Study Reveals Smoking During Pregnancy Can Lead To Childhood Obesity

By Hasan Tariq, Parent Herald November 13, 06:22 am
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Since December 23, 2000 new graphic health warning labels are beginning to appear on cigarette packages in Canada.
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Most women feel inclined towards smoking during pregnancy. Whatever the reasons may be, a study claims that smoking during pregnancy and lack of sleep may potentially result in a newborn who later on can be obese.

Women who smoke during pregnancy could be putting their children at greater risk of being fat as teenagers, warn researchers. They fear that smoking leads to subtle structural variations in the growing brain of the unborn baby that create a preference for eating fatty foods.

Smoking, however, has been more stressed to be the major factor that risks an upcoming baby to be overweight. The logic behind this is that when the fetus experiences any sort of tobacco exposure, it affects the motor coordination of the baby, which could be a possible consequence of BMI growth.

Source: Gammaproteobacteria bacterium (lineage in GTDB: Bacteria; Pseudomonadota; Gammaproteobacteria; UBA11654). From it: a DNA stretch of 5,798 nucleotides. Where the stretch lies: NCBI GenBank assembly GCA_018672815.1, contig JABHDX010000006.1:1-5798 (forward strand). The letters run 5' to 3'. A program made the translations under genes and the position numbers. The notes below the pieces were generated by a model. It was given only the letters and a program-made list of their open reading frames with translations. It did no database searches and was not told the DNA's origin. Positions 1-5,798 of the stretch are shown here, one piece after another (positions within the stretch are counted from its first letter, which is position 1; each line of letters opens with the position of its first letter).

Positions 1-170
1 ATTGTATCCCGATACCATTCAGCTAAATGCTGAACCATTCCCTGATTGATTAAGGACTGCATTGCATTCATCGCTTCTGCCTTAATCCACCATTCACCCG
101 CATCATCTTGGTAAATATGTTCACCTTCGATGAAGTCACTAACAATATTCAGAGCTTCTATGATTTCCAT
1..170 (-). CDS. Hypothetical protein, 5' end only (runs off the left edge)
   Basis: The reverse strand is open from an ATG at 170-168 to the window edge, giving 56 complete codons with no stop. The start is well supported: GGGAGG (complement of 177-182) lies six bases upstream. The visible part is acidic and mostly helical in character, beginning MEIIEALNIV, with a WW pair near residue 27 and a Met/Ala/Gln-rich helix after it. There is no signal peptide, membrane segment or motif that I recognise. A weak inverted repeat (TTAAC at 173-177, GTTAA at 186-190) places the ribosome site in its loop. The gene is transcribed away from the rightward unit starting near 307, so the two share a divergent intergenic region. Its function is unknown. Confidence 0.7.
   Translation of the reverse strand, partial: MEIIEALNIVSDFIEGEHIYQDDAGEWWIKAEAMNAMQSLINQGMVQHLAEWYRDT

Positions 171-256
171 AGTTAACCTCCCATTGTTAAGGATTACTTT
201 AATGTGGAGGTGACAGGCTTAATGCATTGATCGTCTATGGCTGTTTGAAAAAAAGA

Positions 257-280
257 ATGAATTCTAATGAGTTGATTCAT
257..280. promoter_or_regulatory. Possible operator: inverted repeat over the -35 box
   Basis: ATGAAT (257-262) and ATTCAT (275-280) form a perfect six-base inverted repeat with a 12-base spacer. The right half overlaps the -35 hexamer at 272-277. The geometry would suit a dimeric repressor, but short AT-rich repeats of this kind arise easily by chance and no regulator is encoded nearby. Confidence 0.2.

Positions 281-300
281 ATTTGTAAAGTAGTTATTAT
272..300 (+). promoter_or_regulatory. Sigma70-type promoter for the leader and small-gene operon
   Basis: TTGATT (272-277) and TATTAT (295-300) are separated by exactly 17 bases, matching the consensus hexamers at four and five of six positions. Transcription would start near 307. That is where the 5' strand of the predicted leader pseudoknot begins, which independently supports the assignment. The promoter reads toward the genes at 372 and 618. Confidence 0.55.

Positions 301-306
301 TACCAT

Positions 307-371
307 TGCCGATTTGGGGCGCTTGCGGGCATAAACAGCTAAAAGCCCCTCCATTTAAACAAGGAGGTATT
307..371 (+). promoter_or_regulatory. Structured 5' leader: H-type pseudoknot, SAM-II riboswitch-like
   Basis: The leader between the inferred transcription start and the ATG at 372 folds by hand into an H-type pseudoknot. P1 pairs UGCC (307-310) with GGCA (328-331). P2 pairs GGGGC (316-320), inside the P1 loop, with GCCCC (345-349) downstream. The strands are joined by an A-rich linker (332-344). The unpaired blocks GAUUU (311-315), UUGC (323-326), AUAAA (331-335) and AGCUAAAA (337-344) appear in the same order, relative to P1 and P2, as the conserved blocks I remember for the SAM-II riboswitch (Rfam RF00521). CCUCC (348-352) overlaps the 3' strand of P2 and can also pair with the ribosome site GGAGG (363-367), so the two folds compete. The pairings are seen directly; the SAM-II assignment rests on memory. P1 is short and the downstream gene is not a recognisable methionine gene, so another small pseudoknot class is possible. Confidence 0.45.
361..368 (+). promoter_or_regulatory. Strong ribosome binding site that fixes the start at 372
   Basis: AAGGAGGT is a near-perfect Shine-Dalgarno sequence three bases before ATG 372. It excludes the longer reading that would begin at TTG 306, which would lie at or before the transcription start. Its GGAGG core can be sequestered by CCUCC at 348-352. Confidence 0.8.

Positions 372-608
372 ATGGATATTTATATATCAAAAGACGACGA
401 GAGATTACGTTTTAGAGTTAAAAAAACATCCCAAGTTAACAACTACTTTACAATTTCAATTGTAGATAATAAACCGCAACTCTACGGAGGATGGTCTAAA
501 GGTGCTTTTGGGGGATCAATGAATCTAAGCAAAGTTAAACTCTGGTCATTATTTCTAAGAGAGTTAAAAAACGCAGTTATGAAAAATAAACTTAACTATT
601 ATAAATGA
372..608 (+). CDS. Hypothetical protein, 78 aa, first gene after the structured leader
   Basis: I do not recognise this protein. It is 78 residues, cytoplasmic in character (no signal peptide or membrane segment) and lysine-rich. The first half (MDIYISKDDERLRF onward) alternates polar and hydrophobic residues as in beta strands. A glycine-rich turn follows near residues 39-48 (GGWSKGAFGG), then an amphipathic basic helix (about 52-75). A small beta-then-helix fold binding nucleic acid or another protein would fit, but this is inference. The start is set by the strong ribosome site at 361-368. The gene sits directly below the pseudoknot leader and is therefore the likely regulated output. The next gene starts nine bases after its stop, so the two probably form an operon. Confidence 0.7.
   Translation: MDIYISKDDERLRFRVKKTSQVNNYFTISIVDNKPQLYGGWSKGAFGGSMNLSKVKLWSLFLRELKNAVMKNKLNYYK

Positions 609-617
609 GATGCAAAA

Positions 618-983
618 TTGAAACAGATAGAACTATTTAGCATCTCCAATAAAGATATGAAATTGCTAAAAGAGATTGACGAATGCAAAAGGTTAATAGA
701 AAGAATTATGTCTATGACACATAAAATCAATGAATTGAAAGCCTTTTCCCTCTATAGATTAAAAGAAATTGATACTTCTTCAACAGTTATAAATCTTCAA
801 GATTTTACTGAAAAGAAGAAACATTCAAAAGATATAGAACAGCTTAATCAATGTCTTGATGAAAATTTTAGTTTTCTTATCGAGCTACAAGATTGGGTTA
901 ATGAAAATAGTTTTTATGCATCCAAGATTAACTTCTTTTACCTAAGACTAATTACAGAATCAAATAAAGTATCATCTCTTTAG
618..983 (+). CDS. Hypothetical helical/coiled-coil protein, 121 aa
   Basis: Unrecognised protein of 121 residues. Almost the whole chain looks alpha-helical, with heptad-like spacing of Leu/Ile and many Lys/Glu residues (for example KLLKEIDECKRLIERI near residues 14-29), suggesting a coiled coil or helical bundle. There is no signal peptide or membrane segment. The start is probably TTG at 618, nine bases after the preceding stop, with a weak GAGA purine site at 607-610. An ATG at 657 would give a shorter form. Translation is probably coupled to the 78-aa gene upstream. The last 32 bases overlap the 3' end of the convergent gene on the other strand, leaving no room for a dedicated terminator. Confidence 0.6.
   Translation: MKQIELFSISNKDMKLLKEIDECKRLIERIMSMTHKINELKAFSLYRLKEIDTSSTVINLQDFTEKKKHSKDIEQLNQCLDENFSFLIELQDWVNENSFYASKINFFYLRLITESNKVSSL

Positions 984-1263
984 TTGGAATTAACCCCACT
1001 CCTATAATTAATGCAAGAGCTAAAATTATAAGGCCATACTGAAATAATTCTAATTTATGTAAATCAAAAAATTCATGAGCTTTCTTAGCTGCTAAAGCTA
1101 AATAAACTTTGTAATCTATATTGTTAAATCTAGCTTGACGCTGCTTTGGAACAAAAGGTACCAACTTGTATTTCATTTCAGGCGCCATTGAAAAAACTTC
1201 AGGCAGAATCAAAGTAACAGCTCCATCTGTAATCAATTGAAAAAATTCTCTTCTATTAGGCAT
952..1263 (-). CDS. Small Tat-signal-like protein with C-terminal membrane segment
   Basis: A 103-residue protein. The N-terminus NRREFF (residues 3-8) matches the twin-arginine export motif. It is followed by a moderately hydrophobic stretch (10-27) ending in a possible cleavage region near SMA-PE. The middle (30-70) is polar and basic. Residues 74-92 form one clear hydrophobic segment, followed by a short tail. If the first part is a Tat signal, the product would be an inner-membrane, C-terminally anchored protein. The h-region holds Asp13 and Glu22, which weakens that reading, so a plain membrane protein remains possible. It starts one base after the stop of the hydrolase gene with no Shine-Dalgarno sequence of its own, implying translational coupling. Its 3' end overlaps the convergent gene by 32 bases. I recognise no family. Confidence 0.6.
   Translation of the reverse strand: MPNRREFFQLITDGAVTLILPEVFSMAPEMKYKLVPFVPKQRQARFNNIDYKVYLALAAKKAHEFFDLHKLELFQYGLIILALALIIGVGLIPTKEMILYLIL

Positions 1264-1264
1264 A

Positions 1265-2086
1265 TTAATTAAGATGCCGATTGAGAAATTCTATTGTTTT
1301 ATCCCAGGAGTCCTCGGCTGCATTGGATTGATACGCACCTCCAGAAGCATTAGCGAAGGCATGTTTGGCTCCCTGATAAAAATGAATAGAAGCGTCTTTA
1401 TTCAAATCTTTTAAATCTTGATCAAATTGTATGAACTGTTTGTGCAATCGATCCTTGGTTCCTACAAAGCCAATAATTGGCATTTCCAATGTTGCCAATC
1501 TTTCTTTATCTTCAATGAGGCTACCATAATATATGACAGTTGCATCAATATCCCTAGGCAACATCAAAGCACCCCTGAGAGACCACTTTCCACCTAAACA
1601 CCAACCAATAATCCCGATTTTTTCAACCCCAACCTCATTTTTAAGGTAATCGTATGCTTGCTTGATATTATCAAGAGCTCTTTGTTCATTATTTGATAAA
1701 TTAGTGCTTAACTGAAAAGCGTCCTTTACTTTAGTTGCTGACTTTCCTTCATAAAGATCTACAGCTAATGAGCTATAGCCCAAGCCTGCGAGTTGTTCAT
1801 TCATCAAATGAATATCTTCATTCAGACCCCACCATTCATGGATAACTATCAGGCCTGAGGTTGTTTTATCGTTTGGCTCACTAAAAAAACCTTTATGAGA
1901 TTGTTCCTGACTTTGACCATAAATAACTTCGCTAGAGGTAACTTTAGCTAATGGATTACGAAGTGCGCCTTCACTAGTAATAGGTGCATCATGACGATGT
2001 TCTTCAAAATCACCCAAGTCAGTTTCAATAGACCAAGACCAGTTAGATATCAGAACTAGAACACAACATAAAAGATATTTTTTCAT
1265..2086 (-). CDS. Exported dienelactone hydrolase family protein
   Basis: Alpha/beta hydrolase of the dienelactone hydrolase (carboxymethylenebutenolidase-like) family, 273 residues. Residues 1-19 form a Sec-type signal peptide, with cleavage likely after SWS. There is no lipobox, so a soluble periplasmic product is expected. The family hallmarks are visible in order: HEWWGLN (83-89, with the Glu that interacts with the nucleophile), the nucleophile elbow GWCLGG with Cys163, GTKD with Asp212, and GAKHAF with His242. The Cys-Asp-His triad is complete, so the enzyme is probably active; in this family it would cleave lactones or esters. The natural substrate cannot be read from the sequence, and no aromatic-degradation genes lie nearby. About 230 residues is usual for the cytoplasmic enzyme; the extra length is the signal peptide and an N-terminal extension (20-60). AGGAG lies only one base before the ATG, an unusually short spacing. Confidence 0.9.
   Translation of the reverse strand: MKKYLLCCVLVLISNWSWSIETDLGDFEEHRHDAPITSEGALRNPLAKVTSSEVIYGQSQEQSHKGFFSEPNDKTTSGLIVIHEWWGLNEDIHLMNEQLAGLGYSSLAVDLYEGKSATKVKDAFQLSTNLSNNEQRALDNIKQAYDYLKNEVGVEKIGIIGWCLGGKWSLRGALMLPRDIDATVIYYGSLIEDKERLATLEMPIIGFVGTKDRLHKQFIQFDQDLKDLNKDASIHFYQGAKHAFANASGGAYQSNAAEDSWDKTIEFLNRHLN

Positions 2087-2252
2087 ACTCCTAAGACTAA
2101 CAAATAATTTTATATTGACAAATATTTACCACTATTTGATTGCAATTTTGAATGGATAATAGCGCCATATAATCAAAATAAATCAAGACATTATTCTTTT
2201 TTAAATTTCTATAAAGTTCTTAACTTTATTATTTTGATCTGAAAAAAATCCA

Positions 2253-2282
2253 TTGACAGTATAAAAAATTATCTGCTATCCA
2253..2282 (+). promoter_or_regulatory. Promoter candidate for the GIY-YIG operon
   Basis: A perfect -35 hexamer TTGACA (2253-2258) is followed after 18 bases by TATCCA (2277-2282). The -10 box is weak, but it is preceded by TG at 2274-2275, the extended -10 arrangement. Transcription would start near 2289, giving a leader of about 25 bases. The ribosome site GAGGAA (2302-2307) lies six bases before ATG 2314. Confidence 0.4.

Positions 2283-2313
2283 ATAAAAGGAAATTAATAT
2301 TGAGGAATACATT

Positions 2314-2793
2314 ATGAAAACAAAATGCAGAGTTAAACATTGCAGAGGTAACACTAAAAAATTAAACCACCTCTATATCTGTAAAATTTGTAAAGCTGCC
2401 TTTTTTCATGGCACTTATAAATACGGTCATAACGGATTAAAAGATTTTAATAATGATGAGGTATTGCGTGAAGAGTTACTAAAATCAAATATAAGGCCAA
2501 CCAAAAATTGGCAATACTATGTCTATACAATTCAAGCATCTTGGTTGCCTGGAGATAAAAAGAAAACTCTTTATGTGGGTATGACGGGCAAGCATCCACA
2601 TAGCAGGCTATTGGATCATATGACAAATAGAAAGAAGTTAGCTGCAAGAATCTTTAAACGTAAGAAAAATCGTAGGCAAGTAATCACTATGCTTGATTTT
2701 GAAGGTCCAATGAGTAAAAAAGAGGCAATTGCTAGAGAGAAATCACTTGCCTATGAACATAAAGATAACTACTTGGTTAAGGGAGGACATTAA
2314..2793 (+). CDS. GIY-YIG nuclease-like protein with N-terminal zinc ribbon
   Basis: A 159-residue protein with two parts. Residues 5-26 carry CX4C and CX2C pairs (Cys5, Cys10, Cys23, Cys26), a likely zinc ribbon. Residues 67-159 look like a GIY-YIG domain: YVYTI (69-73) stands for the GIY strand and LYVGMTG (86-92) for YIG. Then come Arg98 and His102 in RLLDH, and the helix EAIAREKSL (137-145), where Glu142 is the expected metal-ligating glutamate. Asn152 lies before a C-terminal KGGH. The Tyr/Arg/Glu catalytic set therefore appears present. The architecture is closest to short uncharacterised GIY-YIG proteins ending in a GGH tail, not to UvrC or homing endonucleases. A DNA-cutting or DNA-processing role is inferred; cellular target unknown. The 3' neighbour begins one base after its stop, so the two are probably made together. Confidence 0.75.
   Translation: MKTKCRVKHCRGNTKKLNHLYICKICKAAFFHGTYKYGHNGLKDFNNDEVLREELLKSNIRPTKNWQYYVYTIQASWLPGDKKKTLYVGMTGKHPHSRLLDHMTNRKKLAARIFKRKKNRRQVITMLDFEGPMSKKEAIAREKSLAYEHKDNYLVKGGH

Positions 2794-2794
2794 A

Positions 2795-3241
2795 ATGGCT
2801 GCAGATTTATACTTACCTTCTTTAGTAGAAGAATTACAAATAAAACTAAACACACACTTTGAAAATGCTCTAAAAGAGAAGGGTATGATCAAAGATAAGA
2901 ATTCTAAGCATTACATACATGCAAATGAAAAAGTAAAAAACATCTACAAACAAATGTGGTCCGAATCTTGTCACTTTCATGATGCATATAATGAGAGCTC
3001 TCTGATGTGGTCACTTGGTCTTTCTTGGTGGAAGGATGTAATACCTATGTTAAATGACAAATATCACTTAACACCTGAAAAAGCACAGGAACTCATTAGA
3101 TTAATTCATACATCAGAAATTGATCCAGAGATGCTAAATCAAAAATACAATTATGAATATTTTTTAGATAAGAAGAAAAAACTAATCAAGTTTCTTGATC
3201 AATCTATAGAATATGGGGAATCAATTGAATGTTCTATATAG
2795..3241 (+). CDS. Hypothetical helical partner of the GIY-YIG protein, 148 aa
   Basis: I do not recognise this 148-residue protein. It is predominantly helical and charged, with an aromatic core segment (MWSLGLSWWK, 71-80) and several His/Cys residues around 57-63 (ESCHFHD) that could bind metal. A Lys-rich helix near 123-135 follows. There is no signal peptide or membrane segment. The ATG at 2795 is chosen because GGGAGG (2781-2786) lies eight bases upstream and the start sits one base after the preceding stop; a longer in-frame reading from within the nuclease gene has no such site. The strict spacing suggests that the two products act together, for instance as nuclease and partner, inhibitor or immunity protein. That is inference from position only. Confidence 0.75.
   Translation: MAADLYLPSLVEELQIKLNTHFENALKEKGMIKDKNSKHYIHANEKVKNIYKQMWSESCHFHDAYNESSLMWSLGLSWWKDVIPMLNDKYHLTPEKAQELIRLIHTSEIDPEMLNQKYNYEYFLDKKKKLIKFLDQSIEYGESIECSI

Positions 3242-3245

Don't confuse an overweight newborn to be healthy because that's not always the case. If there are certain factors such as smoking involved in the equation, an obese child can also have symptoms of poor mental health that are capable of translating itself in the child's adolescence and even adulthood. According to Hindustan Times, poor social and psychological well-being of an obese child can manifest in low self-esteem, unhappiness and involvement in risky behaviors like consuming alcohol or getting high on drugs.

"This study shows that disrupted routines, exemplified by irregular sleeping patterns and skipping breakfast, could influence weight gain through increased appetite and the consumption of energy-dense foods," said Yvonne Kelly, Professor at the University College London, according to Indian Express.

The study, which was published in the journal Pediatrics, identified four patterns of weight development. 83.3 percent of children had a stable non-overweight BMI, while 13.1 percent had moderately increasing BMIs. The smallest group, 0.6 percent, had BMIs in the obese range at the age of three but were similar to the stable group by the age of seven.

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